Pope Francis may have delighted leftists with his depiction of the inequalities of capitalism, but there is also some unhappiness with his reluctance to engage those who openly oppose the Catholic Church. What has been difficult to understand is that Francis has not responded to attacks on the Church when they happen.
Praised by publications as far-left as Rolling Stone and the Village Voice, as Sandro Magister writes, Francis “never proclaims Church teaching out loud at a moment when the dispute over an issue has become heated. He has kept quiet now that the euthanasia of children has been permitted by law in Belgium. He keeps himself apart from the millions of citizens of every faith who in France and in other countries are opposing the dissolution of the idea of the family made up of father, mother, and children. He has remained silent after the unprecedented affront of the UN report.”
Magister compares Francis to his predecessor, Pope Benedict, and found him wanting, writing of the attacks on the Church:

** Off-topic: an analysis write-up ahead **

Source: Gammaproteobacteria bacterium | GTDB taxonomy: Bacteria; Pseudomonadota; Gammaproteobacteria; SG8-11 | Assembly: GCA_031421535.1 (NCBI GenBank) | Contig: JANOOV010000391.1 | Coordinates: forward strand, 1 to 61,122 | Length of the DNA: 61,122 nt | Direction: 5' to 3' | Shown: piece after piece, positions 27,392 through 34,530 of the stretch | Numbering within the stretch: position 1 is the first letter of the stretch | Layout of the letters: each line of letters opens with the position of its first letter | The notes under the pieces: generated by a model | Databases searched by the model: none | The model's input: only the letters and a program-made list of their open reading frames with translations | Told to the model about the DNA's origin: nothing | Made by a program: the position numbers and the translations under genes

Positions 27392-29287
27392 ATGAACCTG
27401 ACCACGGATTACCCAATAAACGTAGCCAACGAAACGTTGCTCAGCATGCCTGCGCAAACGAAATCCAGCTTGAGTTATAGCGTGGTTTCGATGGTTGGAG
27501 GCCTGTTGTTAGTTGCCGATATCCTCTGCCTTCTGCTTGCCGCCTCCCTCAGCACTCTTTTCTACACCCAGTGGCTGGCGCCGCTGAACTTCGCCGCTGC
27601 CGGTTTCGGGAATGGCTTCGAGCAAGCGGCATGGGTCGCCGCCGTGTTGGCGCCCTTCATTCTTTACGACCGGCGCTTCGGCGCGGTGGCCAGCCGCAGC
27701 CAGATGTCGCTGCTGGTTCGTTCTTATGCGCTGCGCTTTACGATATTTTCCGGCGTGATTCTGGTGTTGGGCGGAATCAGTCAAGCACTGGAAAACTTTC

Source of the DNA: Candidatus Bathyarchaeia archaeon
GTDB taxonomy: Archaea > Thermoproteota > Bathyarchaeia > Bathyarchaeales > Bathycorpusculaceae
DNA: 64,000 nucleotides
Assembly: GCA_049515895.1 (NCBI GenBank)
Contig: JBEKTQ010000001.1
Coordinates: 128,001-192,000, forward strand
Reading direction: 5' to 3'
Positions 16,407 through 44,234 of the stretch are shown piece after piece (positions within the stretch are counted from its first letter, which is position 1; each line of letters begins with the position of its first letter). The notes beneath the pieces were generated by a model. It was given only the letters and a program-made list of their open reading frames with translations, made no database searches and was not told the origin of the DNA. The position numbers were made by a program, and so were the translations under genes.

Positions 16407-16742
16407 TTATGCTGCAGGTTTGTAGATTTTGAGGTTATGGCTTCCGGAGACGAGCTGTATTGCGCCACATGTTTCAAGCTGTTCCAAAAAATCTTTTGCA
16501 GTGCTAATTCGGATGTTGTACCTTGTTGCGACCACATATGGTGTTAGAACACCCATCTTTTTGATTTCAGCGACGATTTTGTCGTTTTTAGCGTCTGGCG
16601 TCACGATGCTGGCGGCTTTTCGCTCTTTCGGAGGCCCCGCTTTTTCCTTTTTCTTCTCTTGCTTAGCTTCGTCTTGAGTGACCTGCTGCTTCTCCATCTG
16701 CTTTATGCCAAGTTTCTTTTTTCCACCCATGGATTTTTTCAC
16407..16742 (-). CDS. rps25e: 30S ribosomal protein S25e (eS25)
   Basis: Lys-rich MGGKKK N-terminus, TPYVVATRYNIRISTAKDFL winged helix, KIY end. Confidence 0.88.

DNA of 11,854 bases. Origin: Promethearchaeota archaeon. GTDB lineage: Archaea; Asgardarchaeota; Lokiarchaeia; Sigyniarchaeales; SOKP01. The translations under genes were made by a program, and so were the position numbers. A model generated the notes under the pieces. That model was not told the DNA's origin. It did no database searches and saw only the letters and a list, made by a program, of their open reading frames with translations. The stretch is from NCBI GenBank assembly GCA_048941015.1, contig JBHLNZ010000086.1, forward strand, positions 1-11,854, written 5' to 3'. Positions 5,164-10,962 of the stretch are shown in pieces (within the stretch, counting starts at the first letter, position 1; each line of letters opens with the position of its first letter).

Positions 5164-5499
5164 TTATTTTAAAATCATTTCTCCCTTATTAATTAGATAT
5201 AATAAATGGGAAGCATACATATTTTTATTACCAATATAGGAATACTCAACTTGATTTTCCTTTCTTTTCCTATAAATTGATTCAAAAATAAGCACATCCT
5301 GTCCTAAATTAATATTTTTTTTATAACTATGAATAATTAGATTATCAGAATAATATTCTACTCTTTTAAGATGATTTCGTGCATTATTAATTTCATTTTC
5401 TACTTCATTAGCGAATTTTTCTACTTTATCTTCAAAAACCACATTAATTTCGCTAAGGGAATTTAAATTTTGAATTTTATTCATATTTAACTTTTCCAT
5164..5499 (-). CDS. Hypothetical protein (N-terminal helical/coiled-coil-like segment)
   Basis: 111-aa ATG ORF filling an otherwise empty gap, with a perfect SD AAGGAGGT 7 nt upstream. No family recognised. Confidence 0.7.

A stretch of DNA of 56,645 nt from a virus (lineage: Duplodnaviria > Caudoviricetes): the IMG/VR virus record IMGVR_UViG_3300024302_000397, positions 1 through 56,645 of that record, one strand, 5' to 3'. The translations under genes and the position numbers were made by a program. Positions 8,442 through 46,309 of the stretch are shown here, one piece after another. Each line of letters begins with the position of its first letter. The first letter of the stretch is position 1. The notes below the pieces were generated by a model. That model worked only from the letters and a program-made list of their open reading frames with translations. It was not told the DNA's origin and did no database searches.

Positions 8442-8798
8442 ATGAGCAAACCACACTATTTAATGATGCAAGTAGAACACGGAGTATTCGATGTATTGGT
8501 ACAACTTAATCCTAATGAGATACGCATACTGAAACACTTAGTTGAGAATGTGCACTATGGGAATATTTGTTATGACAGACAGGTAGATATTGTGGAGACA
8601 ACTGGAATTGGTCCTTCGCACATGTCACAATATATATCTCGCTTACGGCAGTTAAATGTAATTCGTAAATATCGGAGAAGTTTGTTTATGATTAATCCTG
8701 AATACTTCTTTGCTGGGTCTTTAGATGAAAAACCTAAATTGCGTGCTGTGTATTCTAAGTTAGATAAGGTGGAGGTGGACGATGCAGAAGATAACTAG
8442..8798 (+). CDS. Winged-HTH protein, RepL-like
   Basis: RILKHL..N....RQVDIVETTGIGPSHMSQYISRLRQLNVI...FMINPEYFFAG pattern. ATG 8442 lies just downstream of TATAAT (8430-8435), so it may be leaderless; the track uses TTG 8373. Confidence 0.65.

There is a Jacobin-style attack against the Church, not only in France, that simply wants to exclude it from civil discourse. But there is also a more subtle attack that cloaks itself as a consensus for a Church refurbished and new, up to date, in step with the times. There is also this in the popularity of Francis, a pope “like never before,” finally “one of us,” molded through a copy-and-paste of his open, adaptable statements. This worldly cunning could not have been used against his predecessor, Benedict XVI. He, the meek one, preferred conflict in the open field, with the courage of the yes that means yes and the no that means no, “in season and out of season,” as in Regensburg, when he lifted the curtain on the theological roots of the connection between faith and violence in Islam, and yet again on the “non-negotiable” questions. This is why the world was so ferocious with him.